Whether you send large email newsletters or just use email to communicate with friends, colleagues and customers, following these nine strategies will make your email more effective.

One Main Message per Email – The most effective email messages have one main idea or concept. Before you start writing a message, write down what you’re trying to communicate. Or at least think about your message before you start writing. The most effective messages are ones that are crisp, clear and concise.

Keep it Short – People simply have too many distractions to wade through a really long email. You might think they need all of the information. But when people are faced with dense blocks of text, many people’s eyes glaze over. And then they ignore the entire message. Two or three short sentences and perhaps a couple of bullet points followed by supporting material (an attachment or a link to more information) is all that should be included in each email!

Keep it Relevant – If your messages are relevant, your recipients will pay attention to what you are trying to say. If your messaging is not relevant, you’re quickly going to find that your messages are filed in the “I’ll get to these later” pile.

Subject Line – The subject line is the most important part of an effective email. If you forget to include a subject line, your message is much more likely to go into a junk mail folder, or just not be opened. Email marketing professionals live and die by subject lines. A good subject line will sum up what the message is all about, but still entice someone to open the message, read it, and take action. Personalizing a subject line with your company’s name or the recipient’s name or other information can also lead to higher message open rates.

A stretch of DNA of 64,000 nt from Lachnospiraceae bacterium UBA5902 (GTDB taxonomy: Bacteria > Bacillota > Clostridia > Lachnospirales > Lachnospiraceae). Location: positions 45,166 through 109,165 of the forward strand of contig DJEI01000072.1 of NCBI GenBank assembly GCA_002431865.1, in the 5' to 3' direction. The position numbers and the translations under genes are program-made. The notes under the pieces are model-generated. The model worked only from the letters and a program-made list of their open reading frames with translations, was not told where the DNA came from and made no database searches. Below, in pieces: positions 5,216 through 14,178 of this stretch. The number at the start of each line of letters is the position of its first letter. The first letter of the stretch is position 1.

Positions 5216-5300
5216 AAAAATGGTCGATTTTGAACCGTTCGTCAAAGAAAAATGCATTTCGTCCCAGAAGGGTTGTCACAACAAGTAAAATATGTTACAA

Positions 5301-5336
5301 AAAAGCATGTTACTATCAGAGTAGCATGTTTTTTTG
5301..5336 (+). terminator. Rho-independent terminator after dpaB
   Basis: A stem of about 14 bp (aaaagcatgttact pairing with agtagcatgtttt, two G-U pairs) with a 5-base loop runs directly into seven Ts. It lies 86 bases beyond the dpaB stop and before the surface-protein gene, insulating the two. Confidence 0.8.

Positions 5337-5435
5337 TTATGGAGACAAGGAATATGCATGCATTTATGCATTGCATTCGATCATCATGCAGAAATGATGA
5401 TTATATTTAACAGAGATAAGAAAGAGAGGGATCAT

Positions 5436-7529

Personalize Each Message – Except when being called into the principal’s office, everyone likes being called by his or her name. In this impersonal world of email messages, people like to know that you know who they are, and that you care about them as a person.

Always include your contact information – I can’t tell you how many times I’ve not returned a call promptly because I didn’t have someone’s contact information readily available. I know this is a simple and basic thing. But so many people don’t follow it. If you want someone to respond to you, you’ve got to make it as easy as possible for him or her. Same thing goes for leaving a voice mail.

Strong Call to Action – In direct marketing or email correspondence, most of the time you want someone to take a specific action when they receive your message. You might want to set up an in-person meeting, or have them click through to a website to read more. Or respond back and say, “Yes, let’s go ahead with the project.” The most effective email messages always have a strong call to action, telling the recipient what you want them to do.

Use Folders & Filters – If you’re like me and you receive a lot of email, you can use folders to store messages from different people or clients. In most email programs, you can set up automatic rules (often called filters) that will place all messages from Joe into a specific folder. That way you can review all of the messages Joe sends over to you, reply to the ones that need attention, and not have to spend the time moving the messages from the inbox to another folder when you’re finished. This one strategy has made me amazingly more efficient at dealing with the large volume of email I receive each day.

Know when email doesn’t work – Pick up the phone instead…Email remains one of the primary ways that businesses communicate internally and externally. Make sure you recognize when email is losing its effectiveness. It’s easy to hide behind email when we don’t want to speak to a scary client or team member. I’ve been guilty of that as well when I have a million things going on. A three-minute conversation can usually clear up confusion caused from five days of back-and-forth email messages.

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Filed under: January 2010

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